Understanding large-scale software – A hierarchical view (2019)
Large software systems are more expensive to maintain – not because changes require more code, but because it’s harder to understand such systems. Many developers and studies focus on things like cyclomatic complexity and API documentation, but they aren’t exactly helpful if you need to understand entire systems.
Why it matters
Most research in program comprehension focusses on understanding of code. That certainly offers valuable insights, but it’s not necessarily representative of how developers actually work with software.
In practice, developers who maintain software systems need to understand more than just the code: they have to know what the rest of the system looks like, and how their changes affect the rest of the system.
How do developers manage to understand entire systems? What methods do developers use to gain a better understanding of the systems they’re working on?
How the study was conducted
The authors conducted semi-structured interviews with 11 experienced developers, managers, architects, and entrepreneurs from different organisations.
What discoveries were made
The study tells us something about how developers learn about the inner workings of larger software systems.
Depth of comprehension
There are two major levels of comprehension:
- Black-box comprehension is the simplest level of comprehension: the developer knows what a component does from a user’s perspective, but has no understanding of its internals. This is more than enough if you only need to use a component “as is”.
- White-box comprehension goes a bit further: at this level, a developer would also understand how a component is implemented. This is level of understanding is necessary for most maintenance and refactoring activities.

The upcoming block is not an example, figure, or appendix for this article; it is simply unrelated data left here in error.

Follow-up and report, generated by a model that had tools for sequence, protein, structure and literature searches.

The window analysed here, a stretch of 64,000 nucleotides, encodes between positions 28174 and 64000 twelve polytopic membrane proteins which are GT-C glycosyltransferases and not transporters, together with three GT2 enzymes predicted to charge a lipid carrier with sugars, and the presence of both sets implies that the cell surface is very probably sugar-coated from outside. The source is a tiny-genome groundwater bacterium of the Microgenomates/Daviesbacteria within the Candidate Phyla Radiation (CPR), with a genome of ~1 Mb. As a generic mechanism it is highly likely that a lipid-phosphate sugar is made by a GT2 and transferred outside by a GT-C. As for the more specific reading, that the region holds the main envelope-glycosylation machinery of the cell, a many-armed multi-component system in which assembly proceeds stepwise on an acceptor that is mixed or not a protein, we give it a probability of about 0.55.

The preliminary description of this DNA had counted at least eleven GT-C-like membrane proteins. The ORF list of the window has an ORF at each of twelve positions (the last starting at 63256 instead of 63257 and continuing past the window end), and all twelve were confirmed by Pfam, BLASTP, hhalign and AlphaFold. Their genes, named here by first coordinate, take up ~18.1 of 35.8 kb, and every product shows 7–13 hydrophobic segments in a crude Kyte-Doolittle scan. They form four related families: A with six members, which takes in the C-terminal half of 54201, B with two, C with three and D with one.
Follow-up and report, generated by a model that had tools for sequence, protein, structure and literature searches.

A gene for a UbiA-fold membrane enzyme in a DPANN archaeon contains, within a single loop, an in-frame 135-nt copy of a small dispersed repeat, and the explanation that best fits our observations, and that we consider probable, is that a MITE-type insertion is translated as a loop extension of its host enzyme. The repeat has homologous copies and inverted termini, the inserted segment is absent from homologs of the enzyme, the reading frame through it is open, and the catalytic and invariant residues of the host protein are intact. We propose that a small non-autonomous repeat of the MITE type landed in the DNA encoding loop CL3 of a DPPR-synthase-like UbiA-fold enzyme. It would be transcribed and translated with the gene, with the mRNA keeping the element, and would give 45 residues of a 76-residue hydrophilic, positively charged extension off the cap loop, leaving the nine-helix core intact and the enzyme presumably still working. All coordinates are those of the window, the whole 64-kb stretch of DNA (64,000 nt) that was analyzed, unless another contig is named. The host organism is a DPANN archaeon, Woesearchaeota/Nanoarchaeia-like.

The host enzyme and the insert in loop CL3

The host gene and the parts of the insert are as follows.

Some interviewees point out that there are other levels as well:
- Unboxable comprehension consists of assumptions that cannot be derived from the code. You may find these in the documentation or by having a chat with its original developerThis assumes of course that they’re still part of the project..
- Out-of-the-box comprehension requires deep knowledge about the way the code will actually be executed and can be useful for implementing optimisations. This is rarely needed.
Full, white-box comprehension of a system often isn’t just unattainable – it’s also undesirable. Developers prefer to avoid actual comprehension whenever possible, by:
- Guarding design and code quality (information hiding, modularity) so that others only need to understand small parts at a time;
- Relying on other indicators that may serve as proxies for quality when selecting external software packages, e.g. the number of stars, downloads, or the reputation of its author(s);
- Making use of unit tests, which “automate” understanding.
There are two approaches that one can take when attempting to understand a system: top-down or bottom-up. Top-down approaches typically involve design documents and API documentation, while bottom-up approaches are more likely to involve the actual source code and possibly some inline documentation.